Americans dealing with injuries, mental illnesses and other impairments are being notified out of the blue that they’ve been overpaid by the Social Security Administration and now owe thousands of dollars.
One 33-year-old veteran began receiving Social Security disability payments after his left foot was amputated following an explosion in Iraq in 2007. After going through rehab for his prosthetic leg, he began working full-time for a defense contractor in 2009. As soon as he started collecting a paycheck, the veteran, who asked to remain anonymous, reported his roughly $100,000 annual salary to the Social Security Administration.
When recipients of disability benefits reenter the workforce, they have a nine-month trial period in which they continue to receive benefits. Once the trial period ends and their earnings exceed a certain level — currently $1,040 a month — the payments are supposed to stop. And that’s exactly what happened in his case.
But then, last July, he noticed a $75,000 deposit in his checking account. Three days later, a letter arrived from the Social Security Administration saying it had reinstated his benefits because he had not been “gainfully employed” during the past three years. ...
It turns out Social Security overpayments like these are surprisingly common.
A recent audit conducted by the Government Accountability Office found that Social Security made $1.3 billion in potential overpayments to disability recipients in just two years. While some of that amount can be attributed to fraudsters who game the system, many innocent people are also receiving overpayments and then being asked to pay the agency back. Some continue being paid even after they notify the administration that they are no longer eligible for benefits, while others have no idea they are being overpaid.I can't say what happened in the vet's case. I can say that the work incentives that Congress has provided for recipients of Social Security disability benefits are so complicated that mistakes are inevitable but not a $75,000 mistake of this sort. That's unusual.
The Government Accountability Office (GAO) report referenced by this article is seriously misleading. It assumed that any work performed by a person who had applied for Social Security disability benefits made that person permanently ineligible for Social Security disability benefits. That's just wrong. That's not the way the law is written. For instance, many people who have applied for Social Security disability benefits attempt to return to work but are only able to last a short time on a job. This is what Social Security calls an Unsuccessful Work Attempt (UWA) and has no effect upon the person's entitlement to benefits. If anything, a UWA makes a Social Security disability claimant look more credible. GAO would have a person who has engaged in a UWA ineligible for Social Security disability benefits for the rest of their life! You probably didn't notice it but there was no Congressional hearing on the GAO report. Even Republicans figured out that the GAO report was a crock.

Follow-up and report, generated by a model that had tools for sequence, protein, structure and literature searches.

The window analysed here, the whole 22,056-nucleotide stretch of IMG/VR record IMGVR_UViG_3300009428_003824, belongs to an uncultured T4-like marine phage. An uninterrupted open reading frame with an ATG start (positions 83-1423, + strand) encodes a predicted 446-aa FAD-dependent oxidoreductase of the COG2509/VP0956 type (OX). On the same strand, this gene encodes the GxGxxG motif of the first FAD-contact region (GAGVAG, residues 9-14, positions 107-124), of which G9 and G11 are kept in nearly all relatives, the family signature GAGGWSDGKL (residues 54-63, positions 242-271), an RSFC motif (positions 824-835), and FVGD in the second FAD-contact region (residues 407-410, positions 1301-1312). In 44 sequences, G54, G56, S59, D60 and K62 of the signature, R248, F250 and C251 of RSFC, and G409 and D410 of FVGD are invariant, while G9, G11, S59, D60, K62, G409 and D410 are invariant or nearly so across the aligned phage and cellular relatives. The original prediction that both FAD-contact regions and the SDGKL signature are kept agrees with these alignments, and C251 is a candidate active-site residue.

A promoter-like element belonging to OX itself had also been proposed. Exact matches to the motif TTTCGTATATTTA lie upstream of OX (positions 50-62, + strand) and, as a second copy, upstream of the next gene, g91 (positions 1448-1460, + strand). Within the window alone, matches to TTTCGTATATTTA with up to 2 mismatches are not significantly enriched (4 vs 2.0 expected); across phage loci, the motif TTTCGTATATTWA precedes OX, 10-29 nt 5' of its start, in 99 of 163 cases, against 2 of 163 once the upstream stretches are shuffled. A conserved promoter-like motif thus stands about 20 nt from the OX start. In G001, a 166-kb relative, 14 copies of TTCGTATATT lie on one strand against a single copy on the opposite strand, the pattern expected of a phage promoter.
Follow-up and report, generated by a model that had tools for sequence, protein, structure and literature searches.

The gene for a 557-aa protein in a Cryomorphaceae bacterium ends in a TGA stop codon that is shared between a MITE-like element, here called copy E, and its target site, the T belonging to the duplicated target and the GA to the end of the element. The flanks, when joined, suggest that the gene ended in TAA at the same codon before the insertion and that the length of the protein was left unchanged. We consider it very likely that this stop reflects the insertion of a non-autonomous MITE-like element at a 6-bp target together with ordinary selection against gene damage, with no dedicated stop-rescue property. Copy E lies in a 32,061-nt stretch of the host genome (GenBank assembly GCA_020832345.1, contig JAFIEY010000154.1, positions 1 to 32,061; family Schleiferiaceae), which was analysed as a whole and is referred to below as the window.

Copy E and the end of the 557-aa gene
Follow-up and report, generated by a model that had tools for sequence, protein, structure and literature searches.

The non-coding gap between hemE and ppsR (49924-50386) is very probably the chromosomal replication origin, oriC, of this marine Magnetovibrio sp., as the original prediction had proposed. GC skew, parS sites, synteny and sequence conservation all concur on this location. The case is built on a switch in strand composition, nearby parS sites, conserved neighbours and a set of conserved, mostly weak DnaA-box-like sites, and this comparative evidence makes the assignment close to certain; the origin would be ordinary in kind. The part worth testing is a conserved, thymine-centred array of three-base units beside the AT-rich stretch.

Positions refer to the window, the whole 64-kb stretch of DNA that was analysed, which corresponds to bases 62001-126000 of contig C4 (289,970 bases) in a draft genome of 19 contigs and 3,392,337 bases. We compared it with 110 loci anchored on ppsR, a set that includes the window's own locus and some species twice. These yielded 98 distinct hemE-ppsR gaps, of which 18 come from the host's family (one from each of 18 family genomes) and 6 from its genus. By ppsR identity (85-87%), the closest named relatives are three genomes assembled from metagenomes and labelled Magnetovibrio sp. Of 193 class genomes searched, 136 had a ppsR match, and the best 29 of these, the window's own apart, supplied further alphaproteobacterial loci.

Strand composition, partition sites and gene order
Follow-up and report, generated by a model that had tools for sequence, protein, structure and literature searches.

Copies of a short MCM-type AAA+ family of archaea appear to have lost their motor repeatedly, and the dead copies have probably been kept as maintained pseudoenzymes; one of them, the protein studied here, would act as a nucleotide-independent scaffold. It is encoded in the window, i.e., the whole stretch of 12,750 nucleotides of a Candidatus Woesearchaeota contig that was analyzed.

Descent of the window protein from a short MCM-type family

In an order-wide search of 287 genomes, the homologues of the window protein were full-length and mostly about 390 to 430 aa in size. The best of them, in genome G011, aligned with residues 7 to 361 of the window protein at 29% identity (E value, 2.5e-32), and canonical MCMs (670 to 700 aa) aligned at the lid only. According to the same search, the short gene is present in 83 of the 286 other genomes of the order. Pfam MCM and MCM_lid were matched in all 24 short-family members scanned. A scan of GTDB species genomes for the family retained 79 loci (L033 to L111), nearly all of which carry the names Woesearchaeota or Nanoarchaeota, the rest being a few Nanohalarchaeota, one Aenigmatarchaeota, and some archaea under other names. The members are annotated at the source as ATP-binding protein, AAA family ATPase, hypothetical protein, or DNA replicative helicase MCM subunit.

If you're of a mind to believe that all government benefits programs do nothing but waste money you may want to believe that Social Security wastes billions of dollars just sending large checks to people at random but that's not the way the program works. Mistakes happen. Usually the mistakes take away money rather than bestowing it. Usually, the mistakes don't involve much money. Most of the mistakes are just the inevitable result of overworked human beings making mistakes running a complicated program. There's only so much you can expect Social Security to do about that especially when you the size of the agency's workforce is declining while its workforce is increasing.